Understand that the last number name said tells the number of objects counted, (cardinality). The number of objects is the same regardless of their arrangement or the order in which they were counted.

Understand the concept that each successive number name refers to a quantity that is one larger.

Understand the concept of ordinal numbers (first through tenth) to describe the relative position and magnitude of whole numbers.

  Answer counting questions using as many as 20 objects arranged in a line, a rectangular array, and a circle. Answer counting questions using as many as 10 objects in a scattered configuration..  Given a number from 1–20, count out that many objects.

Identify whether the number of objects in one group is greater than (more than), less than (fewer than), or equal to (the same as) the number of objects in another group.

Compare two numbers between 1 and 10 presented as written numerals

Understand addition as putting together and adding to, and understand subtraction as taking apart and taking from.

 Represent addition and subtraction using objects, fingers, pennies, drawings, sounds, acting out situations, verbal explanations, expressions, equations, or other strategies. Note: Drawings need not show details, but should show the mathematics in the problem.

  Add and subtract within 10.

 Solve addition and  subtraction word problems within10.

Decompose numbers less than or equal to 10 into pairs in more than one way. Record each decomposition with a drawing or equation.

Find the number that makes 10 when given a number from 1 to 9. Record the answer with a drawing or equation.

Fluently add and subtract within 5.

Understand simple patterns.  Duplicate, extend, and create simple patterns using concrete objects.

Work with numbers 11–19 to gain foundations for place value.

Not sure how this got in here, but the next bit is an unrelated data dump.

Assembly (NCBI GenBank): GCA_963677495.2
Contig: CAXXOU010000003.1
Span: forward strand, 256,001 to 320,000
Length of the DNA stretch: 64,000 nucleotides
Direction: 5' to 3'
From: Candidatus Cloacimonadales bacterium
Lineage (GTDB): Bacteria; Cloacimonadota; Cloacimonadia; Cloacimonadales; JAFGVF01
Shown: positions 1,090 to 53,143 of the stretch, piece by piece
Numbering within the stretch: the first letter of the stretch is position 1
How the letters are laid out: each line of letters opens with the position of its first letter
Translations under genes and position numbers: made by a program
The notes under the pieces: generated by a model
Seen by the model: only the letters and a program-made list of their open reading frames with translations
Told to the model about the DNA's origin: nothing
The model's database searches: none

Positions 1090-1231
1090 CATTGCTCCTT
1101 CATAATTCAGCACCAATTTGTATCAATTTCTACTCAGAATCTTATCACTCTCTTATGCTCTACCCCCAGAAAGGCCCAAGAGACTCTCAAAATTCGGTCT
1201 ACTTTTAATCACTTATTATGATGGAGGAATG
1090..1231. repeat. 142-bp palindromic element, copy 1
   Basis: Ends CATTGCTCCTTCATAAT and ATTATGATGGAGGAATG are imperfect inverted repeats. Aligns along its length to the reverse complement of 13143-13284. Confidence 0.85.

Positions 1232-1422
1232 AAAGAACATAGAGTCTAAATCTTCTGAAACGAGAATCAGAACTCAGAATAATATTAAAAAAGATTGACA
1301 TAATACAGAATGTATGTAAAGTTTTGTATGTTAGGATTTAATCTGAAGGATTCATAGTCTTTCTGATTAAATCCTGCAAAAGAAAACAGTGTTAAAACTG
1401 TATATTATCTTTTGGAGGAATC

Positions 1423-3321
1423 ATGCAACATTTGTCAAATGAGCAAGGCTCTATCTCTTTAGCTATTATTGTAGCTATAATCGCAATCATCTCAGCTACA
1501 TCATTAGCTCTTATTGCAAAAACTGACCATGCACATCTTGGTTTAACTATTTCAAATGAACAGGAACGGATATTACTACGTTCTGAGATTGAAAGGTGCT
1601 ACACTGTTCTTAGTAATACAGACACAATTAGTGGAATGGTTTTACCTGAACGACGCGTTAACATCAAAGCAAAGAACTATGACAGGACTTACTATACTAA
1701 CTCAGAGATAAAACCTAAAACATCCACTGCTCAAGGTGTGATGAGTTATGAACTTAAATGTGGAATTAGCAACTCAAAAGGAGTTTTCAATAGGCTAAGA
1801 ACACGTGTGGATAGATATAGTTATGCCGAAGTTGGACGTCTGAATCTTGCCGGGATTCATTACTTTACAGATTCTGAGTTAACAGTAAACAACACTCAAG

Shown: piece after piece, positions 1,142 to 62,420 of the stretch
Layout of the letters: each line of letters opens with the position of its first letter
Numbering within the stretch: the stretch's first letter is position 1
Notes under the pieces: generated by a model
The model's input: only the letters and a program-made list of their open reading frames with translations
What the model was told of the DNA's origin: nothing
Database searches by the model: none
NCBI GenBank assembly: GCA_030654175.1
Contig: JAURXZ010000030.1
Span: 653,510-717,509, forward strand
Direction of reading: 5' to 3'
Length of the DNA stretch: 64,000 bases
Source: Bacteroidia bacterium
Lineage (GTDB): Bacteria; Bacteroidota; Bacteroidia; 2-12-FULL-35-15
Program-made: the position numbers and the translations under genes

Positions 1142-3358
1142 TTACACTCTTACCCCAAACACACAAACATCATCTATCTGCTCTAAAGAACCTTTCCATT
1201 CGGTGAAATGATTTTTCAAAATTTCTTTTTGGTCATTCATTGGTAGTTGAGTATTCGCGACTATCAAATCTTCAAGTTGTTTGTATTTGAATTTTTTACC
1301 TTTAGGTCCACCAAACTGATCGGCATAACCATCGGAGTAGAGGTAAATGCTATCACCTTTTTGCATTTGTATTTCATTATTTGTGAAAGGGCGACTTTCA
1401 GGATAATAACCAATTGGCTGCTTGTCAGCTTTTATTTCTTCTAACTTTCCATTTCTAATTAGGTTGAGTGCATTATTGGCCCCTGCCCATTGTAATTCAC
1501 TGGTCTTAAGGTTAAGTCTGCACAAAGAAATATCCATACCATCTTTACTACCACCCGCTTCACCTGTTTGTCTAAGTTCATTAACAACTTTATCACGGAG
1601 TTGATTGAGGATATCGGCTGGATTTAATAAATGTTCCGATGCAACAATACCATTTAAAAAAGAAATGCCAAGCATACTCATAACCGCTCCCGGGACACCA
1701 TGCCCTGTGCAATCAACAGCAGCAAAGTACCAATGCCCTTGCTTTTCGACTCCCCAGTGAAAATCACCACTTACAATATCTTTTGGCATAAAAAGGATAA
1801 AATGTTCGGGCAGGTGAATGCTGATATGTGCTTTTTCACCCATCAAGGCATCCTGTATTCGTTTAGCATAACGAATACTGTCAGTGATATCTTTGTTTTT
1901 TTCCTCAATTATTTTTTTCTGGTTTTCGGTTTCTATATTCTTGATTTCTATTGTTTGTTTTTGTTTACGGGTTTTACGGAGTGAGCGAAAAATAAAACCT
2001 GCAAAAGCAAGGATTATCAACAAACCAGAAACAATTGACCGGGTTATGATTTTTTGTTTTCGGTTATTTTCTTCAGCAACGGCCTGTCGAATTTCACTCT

Compose and decompose the numbers from 11 to 19 into ten ones and one, two, three, four, five, six, seven, eight, or nine ones.

Describe measurable attributes of an object(s), such as length or weight, using appropriate vocabulary.

Directly compare two objects with a common measurable attribute and describe the difference.

Classify objects into given categories; count the objects in each category and sort the categories by count.

Note: Limit category counts to be less than or equal to 10.

Explore coins (pennies, nickels, dimes, and quarters) and begin identifying pennies and dimes.

Identify and describe shapes (squares, circles, triangles, rectangles, hexagons, cubes, cones, cylinders, and spheres).

Describe objects in the environment using names of shapes, and describe the relative positions of these objects using terms such as above, below, beside, in front of, behind, and next to.

Name shapes regardless of their orientation or overall size. Analyze, compare, sort, and compose shapes.

Analyze, compare, and sort two- and three-dimensional shapes, in different sizes and orientations, using informal language to describe their similarities, differences, parts, and other attributes.

Model objects in their environment by building and/or drawing shapes. Compose larger shapes from simple shapes. Understand the difference between two-dimensional (lying in a plane, “flat”) and three- dimensional (“solid”) shapes.





Weekly Specials
Recess- 11:00 a.m.             Lunch-11:30 a.m.

Monday-Day Tuesday-Day  Wednesday-Day  Thursday- Day  Friday-Day
 
Mrs. Kronenberg - Day 1- Art   Day 2-Art   Day 3-Library   Day 4-Music   Day 5-Gym   Day 6-Gym
Mrs. O'Brien- Day 1-Gym   Day 2-Library   Day 3-Music   Day 4-Gym   Day 5-Art   Day 6-Art
Mr. Palumbo- Day 1-Music   Day 2-Gym   Day 3-Gym   Day 4-Library   Day 5-Art   Day 6-Art


Book of the Week


Skill of the Week

Sight words


(kindergarten sight words)
a the I am can     at like is big in      it but look see be      you my we have and       to do not did up      go get red he no     me one two that yellow     so run 


-
Mathematics



Social Studies



Science






Upcoming Dates



Andy Palumbo
apalumbo@jd.cnyric.org


Holly O'Brien
hobrien@jd.cnyric.org


Rachel Kronenberg
rkronenberg@jd.cnyric.org


                                   
                                                                                       

                                                                                                                        
                                                                                                        
                                                                                                                                               

                          



 

 
 

DISTRICT

OUR SCHOOLS




Dr. Peter Smith, Superintendent

P.O. Box 606
DeWitt, NY 13214

Phone: (315) 445-8300
www.jamesvilledewitt.org


Developed by CNYRIC